Business news briefs
top training firm
InsideOut Development, a Utah professional services firm specializing in individual and organizational performance improvement, was named a Top 20 Leadership Training Company by TrainingIndustry.com. It was the second consecutive year that InsideOut was recognized by the website, which focuses on best practices within the training industry.
Fewer Americans sought unemployment benefits last week, suggesting that hiring is continuing at a modest pace. The Labor Department said weekly applications for benefits fell 5,000 to a seasonally adjusted 366,000. Economists were encouraged by the decline. Applications are a proxy for layoffs. When they decline, hiring typically rises.
wants more cash
With its annual meeting looming and its stock declining, Apple is facing a rebellious investor who wants it to stop stockpiling cash and give it to shareholders instead. Greenlight Capital is suing over Apple's proposal to make it more difficult for the company to issue preferred stock. Greenlight's David Einhorn said the proposal would close down one avenue for Apple to reward shareholders with more cash.
The government should reassess its safety approval of the Boeing 787 lithium ion batteries, the nation's top accident investigator said. The National Transportation Safety Board's comment appears to raise doubts about the thoroughness of the FAA's certification of the batteries.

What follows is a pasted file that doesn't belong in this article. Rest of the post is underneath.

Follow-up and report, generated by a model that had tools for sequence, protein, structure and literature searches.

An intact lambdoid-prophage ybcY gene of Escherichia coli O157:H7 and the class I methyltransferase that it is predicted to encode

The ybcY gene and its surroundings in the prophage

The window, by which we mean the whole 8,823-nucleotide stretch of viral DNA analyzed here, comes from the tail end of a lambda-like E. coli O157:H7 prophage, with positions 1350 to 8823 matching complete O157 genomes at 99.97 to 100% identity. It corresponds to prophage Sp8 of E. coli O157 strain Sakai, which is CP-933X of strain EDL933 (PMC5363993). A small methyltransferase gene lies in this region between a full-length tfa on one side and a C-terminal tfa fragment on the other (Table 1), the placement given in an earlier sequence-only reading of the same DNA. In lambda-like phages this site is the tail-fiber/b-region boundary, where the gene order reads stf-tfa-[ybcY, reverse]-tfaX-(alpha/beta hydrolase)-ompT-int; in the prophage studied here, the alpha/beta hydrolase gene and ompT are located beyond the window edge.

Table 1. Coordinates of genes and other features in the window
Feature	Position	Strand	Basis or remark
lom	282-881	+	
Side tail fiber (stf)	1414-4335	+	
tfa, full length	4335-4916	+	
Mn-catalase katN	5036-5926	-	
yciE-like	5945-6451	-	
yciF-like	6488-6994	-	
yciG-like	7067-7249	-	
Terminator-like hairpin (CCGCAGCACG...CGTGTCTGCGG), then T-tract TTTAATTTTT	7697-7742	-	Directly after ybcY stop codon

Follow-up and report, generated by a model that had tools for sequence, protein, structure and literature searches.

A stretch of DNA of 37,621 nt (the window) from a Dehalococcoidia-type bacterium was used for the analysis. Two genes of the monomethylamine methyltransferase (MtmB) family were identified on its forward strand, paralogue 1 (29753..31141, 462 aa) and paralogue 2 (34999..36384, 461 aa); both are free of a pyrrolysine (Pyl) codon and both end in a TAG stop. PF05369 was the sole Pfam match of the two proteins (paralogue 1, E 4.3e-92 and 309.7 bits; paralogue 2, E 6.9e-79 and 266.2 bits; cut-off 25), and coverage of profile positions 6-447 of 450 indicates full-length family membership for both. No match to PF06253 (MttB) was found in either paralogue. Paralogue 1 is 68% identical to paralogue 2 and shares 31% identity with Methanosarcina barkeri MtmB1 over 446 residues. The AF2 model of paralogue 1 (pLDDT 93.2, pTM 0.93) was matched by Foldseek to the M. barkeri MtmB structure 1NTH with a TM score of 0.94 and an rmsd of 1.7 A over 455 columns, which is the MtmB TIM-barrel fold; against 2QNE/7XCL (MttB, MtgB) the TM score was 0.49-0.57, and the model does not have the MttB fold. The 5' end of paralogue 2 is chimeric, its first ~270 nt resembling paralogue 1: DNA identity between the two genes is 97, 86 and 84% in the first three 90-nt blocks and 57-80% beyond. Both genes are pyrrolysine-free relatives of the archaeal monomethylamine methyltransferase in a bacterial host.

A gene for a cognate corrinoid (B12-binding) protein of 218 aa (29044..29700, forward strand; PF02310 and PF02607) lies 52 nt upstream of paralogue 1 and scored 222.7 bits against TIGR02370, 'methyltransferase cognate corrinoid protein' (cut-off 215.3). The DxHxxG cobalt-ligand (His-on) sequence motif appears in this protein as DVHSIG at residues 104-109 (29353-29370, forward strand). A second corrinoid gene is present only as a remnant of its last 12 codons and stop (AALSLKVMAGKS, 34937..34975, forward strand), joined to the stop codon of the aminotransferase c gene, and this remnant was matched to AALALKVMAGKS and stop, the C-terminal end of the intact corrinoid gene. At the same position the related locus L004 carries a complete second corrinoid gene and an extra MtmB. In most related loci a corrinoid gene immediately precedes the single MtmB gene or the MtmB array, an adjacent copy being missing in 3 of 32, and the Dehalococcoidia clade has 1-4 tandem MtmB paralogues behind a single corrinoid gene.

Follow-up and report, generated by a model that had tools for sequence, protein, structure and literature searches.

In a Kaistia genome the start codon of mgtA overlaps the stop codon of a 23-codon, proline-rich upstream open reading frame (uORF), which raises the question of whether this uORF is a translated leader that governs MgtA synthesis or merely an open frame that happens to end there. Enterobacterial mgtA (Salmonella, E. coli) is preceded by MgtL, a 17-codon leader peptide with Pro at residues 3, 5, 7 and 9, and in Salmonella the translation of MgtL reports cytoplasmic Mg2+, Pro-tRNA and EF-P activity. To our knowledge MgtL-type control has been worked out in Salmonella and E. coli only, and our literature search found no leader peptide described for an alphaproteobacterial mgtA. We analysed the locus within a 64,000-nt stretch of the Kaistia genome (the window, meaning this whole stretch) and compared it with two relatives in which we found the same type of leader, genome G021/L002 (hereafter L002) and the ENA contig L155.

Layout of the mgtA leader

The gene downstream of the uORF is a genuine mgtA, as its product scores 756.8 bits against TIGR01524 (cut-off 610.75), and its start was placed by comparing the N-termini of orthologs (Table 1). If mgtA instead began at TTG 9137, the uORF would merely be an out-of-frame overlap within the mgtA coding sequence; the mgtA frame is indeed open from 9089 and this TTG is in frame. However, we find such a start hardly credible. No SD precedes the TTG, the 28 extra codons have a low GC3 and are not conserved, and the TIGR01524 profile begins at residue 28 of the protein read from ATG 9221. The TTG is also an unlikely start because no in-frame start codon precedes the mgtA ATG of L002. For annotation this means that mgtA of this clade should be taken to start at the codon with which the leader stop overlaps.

US Airways' merger talks with bankrupt American Airlines are intensifying as the sides try to agree on control of a combined company before confidentiality accords expire next week. A deal would create the world's largest airline, vaulting it past rivals that eclipsed American amid a consolidation wave during the past decade.
big 4Q loss
Sprint Nextel Corp. posted a net loss of $1.3 billion for the fourth quarter, largely unchanged from the year before. Revenue rose 3.2 percent to $9 billion. Investors are overlooking short-term results since Sprint has struck a deal to sell 70 percent of itself to Japan's Softbank Corp. for $20 billion.
LinkedIn, the online professional-networking service, added another line to its resume as a public company. It earned $11.5 million, or 10 cents per share, during the final quarter of last year. That was a 66 percent increase from $6.9 million, or 6 cents per share, a year earlier. Revenue soared 81 percent to $304 million.